Saturday, April 28, 2007, 06:15 PM - EquipmentI am not a frequent bettor, but after a lifetime of fishing,I have discovered 4, yes four, fishing lures that I can take anywhere in the U.S. and Canada and catch any edible species of fish. Part of the wager would be that I must catch fish in order to eat.
This lure is a Must Have for any fisherman...bar none! It's the Black and Silver floating Rapala. Because of it's unrivaled swimming action and depth, it mimics the minnows that game fish or pan fish feed on, making it irresistible to most any fish, year around and even in ice fishing. Folks, fish the Rapala correctly, hard Not to do, and something will bite on any given day. The Rapala is available in every sporting goods store in many colors, sizes and configurations, but in my experience, and many others, the original Black and Silver balsa wood Rapala is as close to the perfect lure as you can get.
The next must have lure is the Plastic Worm, available in many sizes and colors. If I had to pick only one, it would be the black, 4" to 6" inch worm. Because of its soft texture and lifelike action, it attracts the largest range of fish. After all, what is the universal bait? Largemouth bass will murder this lure over nearly anything else out there.
Use a #4 to #6 snelled hook, embed the entire hook in the head, leaving the hook curve exposed. Use Only enough weight to keep it near the bottom. Retrieve with a slow reel action, and give the rod tip a pop now and then as an attention getter.
As the worm settles back to the bottom, it's natural action rivals the real thing. This is any easy but extremely lure for anyone of any skill level. You can even use spray on scents for catfish and other scent feeders.
The next lure is a small spinning lure, called the Colorado Spinner. You know, there are tons of spinner flavors available, but this small and inexpensive spinner excels in two ways. First, because of its simple design, a convex blade, silver or gold, spins rapidly even with a very slow retrieve. This is good when the fish are sluggish and don't want to work for their lunch. The brilliant flash is easily seen even in murky water,just like a minnow flash screaming come and get me.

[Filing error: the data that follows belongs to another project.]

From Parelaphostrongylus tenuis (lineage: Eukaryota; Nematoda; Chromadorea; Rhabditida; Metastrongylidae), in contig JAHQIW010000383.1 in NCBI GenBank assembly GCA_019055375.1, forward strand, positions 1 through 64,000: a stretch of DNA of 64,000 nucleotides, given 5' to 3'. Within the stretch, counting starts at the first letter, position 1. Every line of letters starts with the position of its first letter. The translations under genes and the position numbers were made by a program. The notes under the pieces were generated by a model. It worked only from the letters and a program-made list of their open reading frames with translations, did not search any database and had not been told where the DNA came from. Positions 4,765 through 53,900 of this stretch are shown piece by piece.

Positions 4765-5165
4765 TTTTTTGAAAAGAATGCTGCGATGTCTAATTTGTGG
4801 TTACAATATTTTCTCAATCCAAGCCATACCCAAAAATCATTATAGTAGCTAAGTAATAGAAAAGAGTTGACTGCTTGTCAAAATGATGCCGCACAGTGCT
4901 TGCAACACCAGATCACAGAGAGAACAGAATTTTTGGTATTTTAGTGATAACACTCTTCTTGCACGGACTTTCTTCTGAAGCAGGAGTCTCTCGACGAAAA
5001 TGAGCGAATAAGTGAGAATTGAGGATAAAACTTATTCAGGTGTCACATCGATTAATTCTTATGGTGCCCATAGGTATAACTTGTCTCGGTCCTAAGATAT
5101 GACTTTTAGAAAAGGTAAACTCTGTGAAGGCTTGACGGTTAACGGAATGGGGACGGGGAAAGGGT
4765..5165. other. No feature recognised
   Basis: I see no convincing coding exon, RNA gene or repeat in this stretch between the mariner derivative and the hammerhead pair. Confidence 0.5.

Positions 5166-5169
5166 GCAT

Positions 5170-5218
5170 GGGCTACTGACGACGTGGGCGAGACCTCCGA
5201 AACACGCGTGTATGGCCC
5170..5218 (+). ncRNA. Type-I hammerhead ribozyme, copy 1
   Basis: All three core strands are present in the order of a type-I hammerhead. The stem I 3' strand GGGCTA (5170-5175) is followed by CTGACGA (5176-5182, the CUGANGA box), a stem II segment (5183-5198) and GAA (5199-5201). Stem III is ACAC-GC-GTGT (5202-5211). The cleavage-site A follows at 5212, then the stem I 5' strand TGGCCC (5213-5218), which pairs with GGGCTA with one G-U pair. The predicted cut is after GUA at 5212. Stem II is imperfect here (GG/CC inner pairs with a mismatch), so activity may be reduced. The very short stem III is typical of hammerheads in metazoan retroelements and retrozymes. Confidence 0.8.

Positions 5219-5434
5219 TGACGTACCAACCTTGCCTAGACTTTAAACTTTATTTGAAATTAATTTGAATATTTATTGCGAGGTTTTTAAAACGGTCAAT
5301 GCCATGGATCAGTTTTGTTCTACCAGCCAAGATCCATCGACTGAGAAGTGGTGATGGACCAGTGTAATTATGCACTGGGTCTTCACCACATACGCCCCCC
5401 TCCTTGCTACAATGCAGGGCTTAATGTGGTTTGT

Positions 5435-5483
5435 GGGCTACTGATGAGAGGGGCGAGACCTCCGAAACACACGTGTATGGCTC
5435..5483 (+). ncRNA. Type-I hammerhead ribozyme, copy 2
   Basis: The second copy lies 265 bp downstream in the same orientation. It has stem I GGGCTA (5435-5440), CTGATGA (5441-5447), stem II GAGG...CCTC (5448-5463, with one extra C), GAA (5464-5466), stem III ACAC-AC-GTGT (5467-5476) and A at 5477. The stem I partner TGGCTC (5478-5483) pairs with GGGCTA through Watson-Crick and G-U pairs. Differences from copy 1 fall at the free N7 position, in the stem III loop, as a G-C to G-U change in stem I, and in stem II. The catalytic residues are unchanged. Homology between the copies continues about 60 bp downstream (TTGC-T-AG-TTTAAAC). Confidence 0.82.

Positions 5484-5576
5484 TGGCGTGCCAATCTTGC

Secondly, the rapid spinning seems to create vibrations that alert fish to it's location, signaling a possibly injured and easy meal. It's also a very versatile lure. You can skirt them for a more realistic swimming effect and/or add live bait to the hook, increasing the odds of matching or more closely imitating the local bait or forage critters.
Last but not least, there is the Jig. Nothing more than a lead head attached to a hook, this lure is simply "jigged" up and down near the bottom. Their versatility lies in the fact that they can be "dressed" with hundreds of combinations of colors and bodies and skirts. If I had to pick one style, it would be an 1/8th oz. jig with a white horse hair skirt. Very effective and easy to fish, the Jig belongs in every tackle box.
Entire books have been written on fishing lures and techniques, and I could go on forever. However, if you're tired of studying and reading up, these four lures Will Catch Fish. Try them and see for yourself. Happy fishing!
By: Paul Crantz
My name is Paul Crantz. Fact is, I'm a new writer, at least to the web crowd. I've fished all over the Western Hemisphere for 30 plus years, and since I love to write, I'd like to contribute online and see if my articles are welcomed and used.
Fishing information courtesy of Resources For Attorneys, a legal resource and lifestyle information portal for attorneys, lawyers and the internet public.
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